Trouble with Sawyer Summersong tracking

I’m only getting about 3-4 strokes per side in my Sawyer Summersong. I’m using a Sawyer Manta bent shaft. I think that I should be able to do better than that. I don’t get any better results using an otter tail straight shaft and little or no improvement using J strokes. I admit to being a relative amateur with the single blade paddle. I haven’t played around much with trim because my boat has rudder pedals instead of the adjustable foot brace. It seems that the bow is deeper in the water with this boat than that of my Mad River Slipper, in which I commonly get 3-5 strokes per side. I’m sure I’m not doing something right, but I not sure what. The Summersong is much harder to turn than the Slipper, so I’d expect it to also be easier to paddle straight.

I’ve only paddled by myself in this boat, so I haven’t had anyone to view it from the side to see how the trim looks. I also haven’t tried pouring a little water inside the boat to see which way it flows.

I thought that I was doing better in this boat a month or so ago before I bought my Old Town Castine kayak. In the last month I’ve mostly paddled my Castine and Slipper. Maybe I just have to relearn the Summersong. I’m 5’6" and 150 lbs. Am I too light for the Summersong?

Thanks in advance for your suggestions.

trim and technique
The two things that will affect the tracking the most are trim and technique. Play around with the trim a little bit and see if you can find a sweet spot where it tracks to your satisfaction. Most of the boats I’ve paddled that have minimal or no rocker have a definite seat location where they behave more to my satisfaction that they do with the seat elsewhere. If you are paddling sit-and-switch, stick with the bent shaft and work on your technique. Shaft vertical, paddle in close to the side of the boat, don’t bend the lower arm (at least not much), drive down with the top arm/shoulder, don’t try to carry your stroke past your hip, and don’t bounce the boat around too much.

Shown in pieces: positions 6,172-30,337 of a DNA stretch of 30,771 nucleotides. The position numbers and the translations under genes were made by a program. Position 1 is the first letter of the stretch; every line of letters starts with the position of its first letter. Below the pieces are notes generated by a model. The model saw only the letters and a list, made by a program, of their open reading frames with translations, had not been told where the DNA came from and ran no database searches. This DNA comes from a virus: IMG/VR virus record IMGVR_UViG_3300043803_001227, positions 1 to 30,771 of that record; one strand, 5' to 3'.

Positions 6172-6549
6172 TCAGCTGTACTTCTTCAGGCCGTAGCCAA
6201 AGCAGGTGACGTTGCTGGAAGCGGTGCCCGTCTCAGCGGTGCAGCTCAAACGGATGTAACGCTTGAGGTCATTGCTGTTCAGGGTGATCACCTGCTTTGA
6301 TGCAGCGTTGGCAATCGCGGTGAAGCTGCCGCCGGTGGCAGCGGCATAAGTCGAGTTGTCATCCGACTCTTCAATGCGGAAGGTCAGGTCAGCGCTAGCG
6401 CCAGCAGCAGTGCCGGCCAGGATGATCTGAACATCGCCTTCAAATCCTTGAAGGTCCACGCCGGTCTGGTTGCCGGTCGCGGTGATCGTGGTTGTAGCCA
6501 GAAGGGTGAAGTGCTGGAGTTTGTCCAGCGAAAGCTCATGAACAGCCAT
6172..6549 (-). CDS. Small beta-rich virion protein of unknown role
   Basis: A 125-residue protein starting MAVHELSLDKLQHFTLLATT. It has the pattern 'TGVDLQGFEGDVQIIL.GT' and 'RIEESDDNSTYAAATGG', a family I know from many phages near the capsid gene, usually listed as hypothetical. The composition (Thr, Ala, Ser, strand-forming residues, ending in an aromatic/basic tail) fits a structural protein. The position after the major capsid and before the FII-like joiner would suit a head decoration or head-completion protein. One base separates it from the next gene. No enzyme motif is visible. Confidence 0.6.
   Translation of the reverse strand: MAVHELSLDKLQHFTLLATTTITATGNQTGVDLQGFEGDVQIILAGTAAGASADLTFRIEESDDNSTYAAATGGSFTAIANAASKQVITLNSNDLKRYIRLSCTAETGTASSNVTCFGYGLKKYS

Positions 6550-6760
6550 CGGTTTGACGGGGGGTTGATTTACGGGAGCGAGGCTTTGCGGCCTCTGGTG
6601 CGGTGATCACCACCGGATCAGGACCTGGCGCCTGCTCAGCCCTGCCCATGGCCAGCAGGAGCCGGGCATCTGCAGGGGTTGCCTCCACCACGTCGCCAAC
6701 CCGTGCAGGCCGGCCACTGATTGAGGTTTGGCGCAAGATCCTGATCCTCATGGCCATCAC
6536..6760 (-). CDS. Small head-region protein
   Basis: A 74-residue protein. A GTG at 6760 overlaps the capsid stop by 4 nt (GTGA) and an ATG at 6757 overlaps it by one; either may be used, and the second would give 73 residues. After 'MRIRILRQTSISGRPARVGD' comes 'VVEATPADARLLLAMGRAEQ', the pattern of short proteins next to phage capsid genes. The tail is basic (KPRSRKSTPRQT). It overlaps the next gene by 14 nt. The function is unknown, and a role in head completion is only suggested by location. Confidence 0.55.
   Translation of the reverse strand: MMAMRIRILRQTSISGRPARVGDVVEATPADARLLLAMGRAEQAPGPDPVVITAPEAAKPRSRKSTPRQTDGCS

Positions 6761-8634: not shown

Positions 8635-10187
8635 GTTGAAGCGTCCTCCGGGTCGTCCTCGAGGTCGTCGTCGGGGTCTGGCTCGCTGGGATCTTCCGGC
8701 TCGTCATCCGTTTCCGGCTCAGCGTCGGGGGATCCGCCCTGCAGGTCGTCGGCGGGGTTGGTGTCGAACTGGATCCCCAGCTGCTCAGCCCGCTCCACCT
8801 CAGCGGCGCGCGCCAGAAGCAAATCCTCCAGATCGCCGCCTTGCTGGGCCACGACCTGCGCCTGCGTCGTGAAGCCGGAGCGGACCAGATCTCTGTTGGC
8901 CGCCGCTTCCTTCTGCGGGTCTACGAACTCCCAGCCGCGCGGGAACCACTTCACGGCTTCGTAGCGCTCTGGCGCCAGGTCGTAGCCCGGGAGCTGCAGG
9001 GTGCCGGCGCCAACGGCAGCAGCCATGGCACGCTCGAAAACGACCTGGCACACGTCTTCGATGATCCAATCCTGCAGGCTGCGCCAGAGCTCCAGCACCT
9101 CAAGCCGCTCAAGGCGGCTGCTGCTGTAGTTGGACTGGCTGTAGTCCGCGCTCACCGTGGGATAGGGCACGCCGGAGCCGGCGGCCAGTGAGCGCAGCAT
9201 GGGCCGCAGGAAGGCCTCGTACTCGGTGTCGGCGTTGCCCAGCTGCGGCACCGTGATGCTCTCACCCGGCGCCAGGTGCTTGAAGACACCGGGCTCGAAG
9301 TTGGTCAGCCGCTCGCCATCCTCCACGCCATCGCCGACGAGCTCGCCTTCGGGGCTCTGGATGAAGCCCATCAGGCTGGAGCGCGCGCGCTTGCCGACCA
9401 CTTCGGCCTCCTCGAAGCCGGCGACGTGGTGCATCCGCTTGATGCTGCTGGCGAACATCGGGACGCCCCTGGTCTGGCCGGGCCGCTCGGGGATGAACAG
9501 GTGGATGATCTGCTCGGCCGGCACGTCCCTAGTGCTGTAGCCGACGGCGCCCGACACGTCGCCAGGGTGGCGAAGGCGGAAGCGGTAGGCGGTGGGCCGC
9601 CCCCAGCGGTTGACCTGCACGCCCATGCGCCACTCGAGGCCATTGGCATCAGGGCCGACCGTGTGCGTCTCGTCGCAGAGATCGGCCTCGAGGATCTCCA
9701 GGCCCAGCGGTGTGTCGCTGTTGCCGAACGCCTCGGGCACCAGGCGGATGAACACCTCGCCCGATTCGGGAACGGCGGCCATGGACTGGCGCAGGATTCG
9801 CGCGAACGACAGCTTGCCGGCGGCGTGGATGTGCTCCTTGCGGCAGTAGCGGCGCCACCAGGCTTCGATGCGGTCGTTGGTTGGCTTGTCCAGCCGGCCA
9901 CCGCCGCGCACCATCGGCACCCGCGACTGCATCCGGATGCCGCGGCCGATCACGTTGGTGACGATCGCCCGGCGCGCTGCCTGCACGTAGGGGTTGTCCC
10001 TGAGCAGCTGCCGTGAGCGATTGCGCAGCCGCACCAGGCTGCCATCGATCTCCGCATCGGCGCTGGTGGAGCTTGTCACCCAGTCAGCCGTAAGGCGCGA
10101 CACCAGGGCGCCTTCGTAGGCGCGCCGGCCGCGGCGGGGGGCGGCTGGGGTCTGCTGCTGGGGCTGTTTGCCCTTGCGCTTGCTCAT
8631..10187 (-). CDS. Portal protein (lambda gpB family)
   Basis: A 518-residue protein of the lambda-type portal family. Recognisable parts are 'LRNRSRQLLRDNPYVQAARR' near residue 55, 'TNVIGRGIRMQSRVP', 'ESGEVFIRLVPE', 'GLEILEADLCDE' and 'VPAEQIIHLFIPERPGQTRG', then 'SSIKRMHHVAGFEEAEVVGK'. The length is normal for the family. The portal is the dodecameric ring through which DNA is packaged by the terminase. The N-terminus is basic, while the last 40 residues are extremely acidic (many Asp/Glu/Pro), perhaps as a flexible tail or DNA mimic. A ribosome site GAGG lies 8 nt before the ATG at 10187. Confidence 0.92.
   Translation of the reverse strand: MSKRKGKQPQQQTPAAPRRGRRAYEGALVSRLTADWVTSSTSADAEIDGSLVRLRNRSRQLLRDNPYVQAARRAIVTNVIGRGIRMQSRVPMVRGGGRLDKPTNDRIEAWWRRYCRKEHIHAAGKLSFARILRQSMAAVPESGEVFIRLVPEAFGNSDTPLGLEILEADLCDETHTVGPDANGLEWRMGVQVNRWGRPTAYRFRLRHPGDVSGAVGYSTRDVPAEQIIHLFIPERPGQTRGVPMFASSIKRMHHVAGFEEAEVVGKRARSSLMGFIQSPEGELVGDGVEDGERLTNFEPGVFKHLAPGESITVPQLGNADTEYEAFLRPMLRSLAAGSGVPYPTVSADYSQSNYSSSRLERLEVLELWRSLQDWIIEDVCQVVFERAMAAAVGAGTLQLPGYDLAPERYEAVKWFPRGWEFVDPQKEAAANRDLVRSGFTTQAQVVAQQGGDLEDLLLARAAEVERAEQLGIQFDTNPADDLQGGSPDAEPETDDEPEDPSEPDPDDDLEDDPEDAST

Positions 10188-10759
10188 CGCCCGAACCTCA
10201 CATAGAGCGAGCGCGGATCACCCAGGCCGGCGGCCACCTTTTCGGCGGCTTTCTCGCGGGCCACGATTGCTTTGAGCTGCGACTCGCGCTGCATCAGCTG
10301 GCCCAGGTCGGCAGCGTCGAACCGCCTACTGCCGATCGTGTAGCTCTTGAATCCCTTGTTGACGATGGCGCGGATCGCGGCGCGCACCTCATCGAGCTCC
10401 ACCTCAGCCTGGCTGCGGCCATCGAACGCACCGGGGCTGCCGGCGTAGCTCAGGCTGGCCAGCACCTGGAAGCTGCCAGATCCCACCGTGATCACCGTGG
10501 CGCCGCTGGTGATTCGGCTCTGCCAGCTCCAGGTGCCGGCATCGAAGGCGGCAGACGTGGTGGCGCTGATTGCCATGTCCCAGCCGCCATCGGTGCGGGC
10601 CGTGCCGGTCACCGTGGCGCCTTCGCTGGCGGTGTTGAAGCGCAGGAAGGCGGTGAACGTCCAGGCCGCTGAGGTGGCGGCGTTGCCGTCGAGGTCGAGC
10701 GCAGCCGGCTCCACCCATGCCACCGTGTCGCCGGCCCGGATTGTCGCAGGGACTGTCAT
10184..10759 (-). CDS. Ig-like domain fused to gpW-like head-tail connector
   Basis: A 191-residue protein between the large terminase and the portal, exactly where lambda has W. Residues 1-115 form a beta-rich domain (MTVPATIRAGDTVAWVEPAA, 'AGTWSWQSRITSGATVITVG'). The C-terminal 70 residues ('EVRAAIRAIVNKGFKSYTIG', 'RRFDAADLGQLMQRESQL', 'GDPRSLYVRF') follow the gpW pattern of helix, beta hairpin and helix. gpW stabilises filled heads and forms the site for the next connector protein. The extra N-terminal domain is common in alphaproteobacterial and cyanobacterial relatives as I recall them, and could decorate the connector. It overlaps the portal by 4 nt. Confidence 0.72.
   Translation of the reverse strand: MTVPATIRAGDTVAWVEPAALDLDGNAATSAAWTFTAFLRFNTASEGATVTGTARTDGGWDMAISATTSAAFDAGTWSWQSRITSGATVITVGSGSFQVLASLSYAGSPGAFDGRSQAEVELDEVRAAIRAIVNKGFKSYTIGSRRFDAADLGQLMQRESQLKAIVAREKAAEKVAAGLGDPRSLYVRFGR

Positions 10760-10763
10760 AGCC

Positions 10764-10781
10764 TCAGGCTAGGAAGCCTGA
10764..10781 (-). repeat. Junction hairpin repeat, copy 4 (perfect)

If you want to see a good video on sit-and-switch paddling technique, the one by Mike and Tanna Fries is really good. I think I gave you the link to J&J Canoes in another post They carry the tape and a really good book on canoe racing. I believe the same book and tape are available on the Zaveral website

you said it yourself
You’re not too experienced with a single blade, so that probably has alot to do with your frustration. Hard to give advice without actually watching you paddle. My advice would be to take someone experienced out with you & have he or she watch what you’re doing. (or not doing) They can also check the trim for you. My guess is it’s your technique, not the boat. Nice boat BTW.